- Indeed there are many doubts that Jerusalem is the city we know today with the same name. No archaeological finds prove the presence of Jews in the area of the current city before the 2nd century BC. Not even a fragment of the Temple of Solomon was found in situ. It is therefore likely that Israel and Judah realms and Jerusalem city were located much further south, in the Arabian Negev desert, where the ruins attributable to a Jewish presence are plentiful. Keith W. Whitelam, The invention of ancient Israel, London & New York, Routledge , 1996; Kamal Salibi, The Bible came from Arabia, Beirut, Naufal 2007.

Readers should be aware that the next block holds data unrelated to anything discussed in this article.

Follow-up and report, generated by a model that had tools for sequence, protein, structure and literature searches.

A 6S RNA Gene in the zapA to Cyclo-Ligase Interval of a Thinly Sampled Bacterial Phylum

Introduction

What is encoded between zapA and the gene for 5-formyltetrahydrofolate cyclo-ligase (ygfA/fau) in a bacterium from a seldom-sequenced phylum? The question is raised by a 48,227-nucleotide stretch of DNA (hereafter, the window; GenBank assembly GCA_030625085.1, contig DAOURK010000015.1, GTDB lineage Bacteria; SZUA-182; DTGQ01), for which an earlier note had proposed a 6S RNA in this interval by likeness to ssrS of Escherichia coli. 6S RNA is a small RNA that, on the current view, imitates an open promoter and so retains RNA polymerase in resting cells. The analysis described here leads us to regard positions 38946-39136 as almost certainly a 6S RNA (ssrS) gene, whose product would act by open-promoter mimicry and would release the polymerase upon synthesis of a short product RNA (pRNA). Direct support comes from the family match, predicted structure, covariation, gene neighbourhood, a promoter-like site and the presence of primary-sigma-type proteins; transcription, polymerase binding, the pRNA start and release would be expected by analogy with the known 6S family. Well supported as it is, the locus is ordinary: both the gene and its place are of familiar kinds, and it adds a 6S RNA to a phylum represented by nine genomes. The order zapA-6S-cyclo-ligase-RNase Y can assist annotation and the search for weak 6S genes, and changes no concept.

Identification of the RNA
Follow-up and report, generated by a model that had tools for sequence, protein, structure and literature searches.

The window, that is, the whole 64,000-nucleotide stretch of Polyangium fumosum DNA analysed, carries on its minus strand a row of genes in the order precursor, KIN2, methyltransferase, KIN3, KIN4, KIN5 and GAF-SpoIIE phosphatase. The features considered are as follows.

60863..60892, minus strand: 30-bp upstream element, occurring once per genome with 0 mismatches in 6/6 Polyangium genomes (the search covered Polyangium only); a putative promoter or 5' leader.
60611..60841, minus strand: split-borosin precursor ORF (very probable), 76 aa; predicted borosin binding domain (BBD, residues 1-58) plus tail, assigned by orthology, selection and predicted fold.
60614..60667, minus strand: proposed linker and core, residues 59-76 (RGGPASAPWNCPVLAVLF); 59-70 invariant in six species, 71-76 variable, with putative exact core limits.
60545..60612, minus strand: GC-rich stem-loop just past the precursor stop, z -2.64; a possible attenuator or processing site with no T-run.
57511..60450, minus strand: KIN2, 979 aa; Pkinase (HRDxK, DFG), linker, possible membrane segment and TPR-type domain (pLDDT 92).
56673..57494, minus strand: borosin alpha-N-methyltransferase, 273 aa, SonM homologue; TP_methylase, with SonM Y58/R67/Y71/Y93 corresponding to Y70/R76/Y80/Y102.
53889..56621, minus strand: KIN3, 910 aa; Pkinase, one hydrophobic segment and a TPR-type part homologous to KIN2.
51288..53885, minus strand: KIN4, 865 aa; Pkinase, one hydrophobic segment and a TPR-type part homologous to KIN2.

- This mysterious loss has certainly produced serious consequences to the use of Qabbalistic mantras.
- Neither of this second Temple is there any archaeological trace. In fact it was completely rebuilt by King Herod in the first century BC. Ruins, such as the Wailing Wall, belong to this late reconstruction. See Adolfo Roitmam, Envisioning the Temple, Jerusalem, The Israel Museum, 2003; Nadia Abu El-Haj, Facts on the Ground. Archaeological Practice and Territorial Self-Fashioning in Israeli Society, Chicago & London, The University of Chicago Press, 2001.